New Research: Improving Computer Vision with Poselets

Wednesday, May 16, 2012

posepooling image for ICSI blogComputer vision techniques have trouble recognizing subcategories of objects (for example, a vehicle’s model type or a bird’s species). A new method developed by ICSI researchers improves automatic recognition of subcategories by first warping small areas of  photos to account for differences in pose and angle, and then grouping the areas according to their similarities.

New Research: Studying Twitter Spam’s Use in Political Censorship

Wednesday, May 9, 2012

spam tweets per minuteSpammers who posted almost half a million Twitter messages in order to silence debate over Russia’s election in December likely purchased fraudulent accounts in bulk and posted the tweets from botnets, groups of malware-infected computers under the command of a single person. According to Networking Group researchers, the campaign took advantage of an underground economy based on spam, a phenomenon that researchers are studying in an attempt to improve methods of eliminating spam.

Profile: Charles Fillmore

Monday, May 7, 2012

Charles Fillmore, Director of ICSI's FrameNet ProjectCharles Fillmore is one of the founding fathers of linguistics as it is practiced today. A professor emeritus of UC Berkeley, Chuck is also the director of ICSI’s FrameNet Project, which is building a lexical database, usable by both machines and humans, that describes the relationships between words in order to extract meaning from texts. The work requires the intellectual flexibility and passion for language that have marked his sixty-year career.

New Research: Aligning Lexical Resources

Wednesday, May 2, 2012

WordNet-FrameNet alignment for "curious"ICSI researchers and their collaborators have developed a way to statistically compare two of the most widely used lexical resources for English, FrameNet and WordNet. With the Expected Jaccard Index, researchers can for the first time empirically quantify agreement between WordNet and FrameNet expert annotations of words and phrases pulled from real-world texts. Comparing the annotations helps researchers find problematic gaps in the data and align the resources so they can be used together.

Profile: Richard Karp

Monday, April 30, 2012

Richard Karp, Leader of ICSI's Algorithms GroupProfessor Richard Karp has led ICSI’s Algorithms Group for the majority of its existence since 1988. Dick has just been named the founding director of an institute that will host research on theoretical computer science and its outreach to other scientific fields. The Simons Institute for the Theory of Computing will be funded by a $60 million grant to UC Berkeley from the Simons Foundation.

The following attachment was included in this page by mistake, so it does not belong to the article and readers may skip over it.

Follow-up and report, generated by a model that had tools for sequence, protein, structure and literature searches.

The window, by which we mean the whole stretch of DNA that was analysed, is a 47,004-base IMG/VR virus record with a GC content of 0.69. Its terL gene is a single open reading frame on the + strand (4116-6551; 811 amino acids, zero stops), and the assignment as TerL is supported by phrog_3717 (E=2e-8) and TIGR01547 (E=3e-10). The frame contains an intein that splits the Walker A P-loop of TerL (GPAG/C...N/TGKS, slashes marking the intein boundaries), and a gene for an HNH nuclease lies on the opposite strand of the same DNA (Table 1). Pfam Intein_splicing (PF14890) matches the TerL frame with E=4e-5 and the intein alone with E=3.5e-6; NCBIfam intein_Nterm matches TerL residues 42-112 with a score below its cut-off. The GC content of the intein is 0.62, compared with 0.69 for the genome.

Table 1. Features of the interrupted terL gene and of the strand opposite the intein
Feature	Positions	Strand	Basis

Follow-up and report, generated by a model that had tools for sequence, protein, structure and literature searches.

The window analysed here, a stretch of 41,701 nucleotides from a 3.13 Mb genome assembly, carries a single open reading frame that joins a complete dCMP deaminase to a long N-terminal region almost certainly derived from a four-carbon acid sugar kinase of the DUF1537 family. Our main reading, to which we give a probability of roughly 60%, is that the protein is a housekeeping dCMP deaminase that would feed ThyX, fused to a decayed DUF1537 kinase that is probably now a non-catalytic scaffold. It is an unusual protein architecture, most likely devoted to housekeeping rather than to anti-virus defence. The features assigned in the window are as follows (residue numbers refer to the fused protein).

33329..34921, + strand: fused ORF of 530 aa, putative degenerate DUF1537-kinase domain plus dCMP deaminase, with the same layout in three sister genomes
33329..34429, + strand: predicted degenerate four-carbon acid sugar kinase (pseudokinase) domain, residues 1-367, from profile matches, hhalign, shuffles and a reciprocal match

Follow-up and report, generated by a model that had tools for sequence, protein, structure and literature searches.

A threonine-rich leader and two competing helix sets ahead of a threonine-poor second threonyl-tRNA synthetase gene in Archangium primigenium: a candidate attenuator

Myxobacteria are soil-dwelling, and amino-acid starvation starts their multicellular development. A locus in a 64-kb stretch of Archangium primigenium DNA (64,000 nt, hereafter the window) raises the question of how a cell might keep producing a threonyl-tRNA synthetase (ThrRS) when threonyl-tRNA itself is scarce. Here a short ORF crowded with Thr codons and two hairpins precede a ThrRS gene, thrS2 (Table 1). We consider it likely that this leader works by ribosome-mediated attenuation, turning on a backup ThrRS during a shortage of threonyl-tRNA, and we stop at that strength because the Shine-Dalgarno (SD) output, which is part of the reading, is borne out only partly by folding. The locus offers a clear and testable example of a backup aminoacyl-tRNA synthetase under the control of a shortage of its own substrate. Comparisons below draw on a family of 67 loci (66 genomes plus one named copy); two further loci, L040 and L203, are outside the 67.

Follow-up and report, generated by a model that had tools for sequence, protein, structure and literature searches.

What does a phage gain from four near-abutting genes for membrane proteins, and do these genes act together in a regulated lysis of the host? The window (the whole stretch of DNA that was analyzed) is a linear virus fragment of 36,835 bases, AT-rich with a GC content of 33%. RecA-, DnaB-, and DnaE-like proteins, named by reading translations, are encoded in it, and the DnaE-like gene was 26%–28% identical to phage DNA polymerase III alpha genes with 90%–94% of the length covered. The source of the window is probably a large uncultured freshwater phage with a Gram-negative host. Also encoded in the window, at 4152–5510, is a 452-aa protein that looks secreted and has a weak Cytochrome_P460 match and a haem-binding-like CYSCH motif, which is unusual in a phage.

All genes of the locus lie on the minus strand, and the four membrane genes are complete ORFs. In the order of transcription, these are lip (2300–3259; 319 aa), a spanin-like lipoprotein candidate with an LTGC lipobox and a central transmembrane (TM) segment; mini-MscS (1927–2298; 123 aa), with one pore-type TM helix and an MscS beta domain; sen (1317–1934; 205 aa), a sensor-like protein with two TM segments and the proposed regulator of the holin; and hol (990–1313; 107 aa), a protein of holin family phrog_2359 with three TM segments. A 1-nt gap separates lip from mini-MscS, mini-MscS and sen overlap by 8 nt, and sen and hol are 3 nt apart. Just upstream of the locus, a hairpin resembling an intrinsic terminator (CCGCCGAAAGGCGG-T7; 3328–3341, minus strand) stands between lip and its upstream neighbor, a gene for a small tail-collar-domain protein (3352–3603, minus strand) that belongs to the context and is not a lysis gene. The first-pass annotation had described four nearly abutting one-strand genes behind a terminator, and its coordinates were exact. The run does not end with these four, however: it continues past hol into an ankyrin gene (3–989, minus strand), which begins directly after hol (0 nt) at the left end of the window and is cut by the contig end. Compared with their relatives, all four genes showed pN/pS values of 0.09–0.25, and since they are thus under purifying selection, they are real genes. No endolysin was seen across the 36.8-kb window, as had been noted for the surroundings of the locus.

New Research: Estimating Where Flickr Videos Were Shot

Wednesday, April 25, 2012

Estimating where multimedia content was capturedICSI researchers and their collaborators have developed an algorithm that estimates where random Internet videos were shot by training itself on both videos for which locations have already been identified and those for which they haven’t. It’s the first multimodal location estimation method to use both training and test data to improve its results and, in some case, is over 10 percent more accurate than existing methods. The improvement is particularly high when few training videos are available.

Profile: Roberto Pieraccini

Monday, April 23, 2012

Many notable computer scientists work at ICSI, and in recognition of their contributions to computer science, we will profile some of our current scientists and visitors, as well as notable alumni, here on the blog. We begin with Roberto Pieraccini, ICSI’s new director as of January 15, 2012. A speech scientist best known for applying statistical methods to spoken language understanding and dialog, Roberto has 30 years of experience in research and development at corporate laboratories and technology companies in the U.S. and Italy.


Wednesday, April 18, 2012

Welcome to the blog of the International Computer Science Institute (ICSI). On this blog, we will be sharing news about ICSI, profiles of our current and former researchers, and results from our work in computer networking and network security, speech and language processing, bioinformatics, computer architecture, computer vision, and artificial intelligence. Please feel free to leave comments or to contact us directly at

ICSI is a leading center for research in computer science and one of the few independent, nonprofit research institutes in the U.S. We have a unique focus on international collaboration, bringing together computer science experts from all over the world. For more about us, visit our Web site at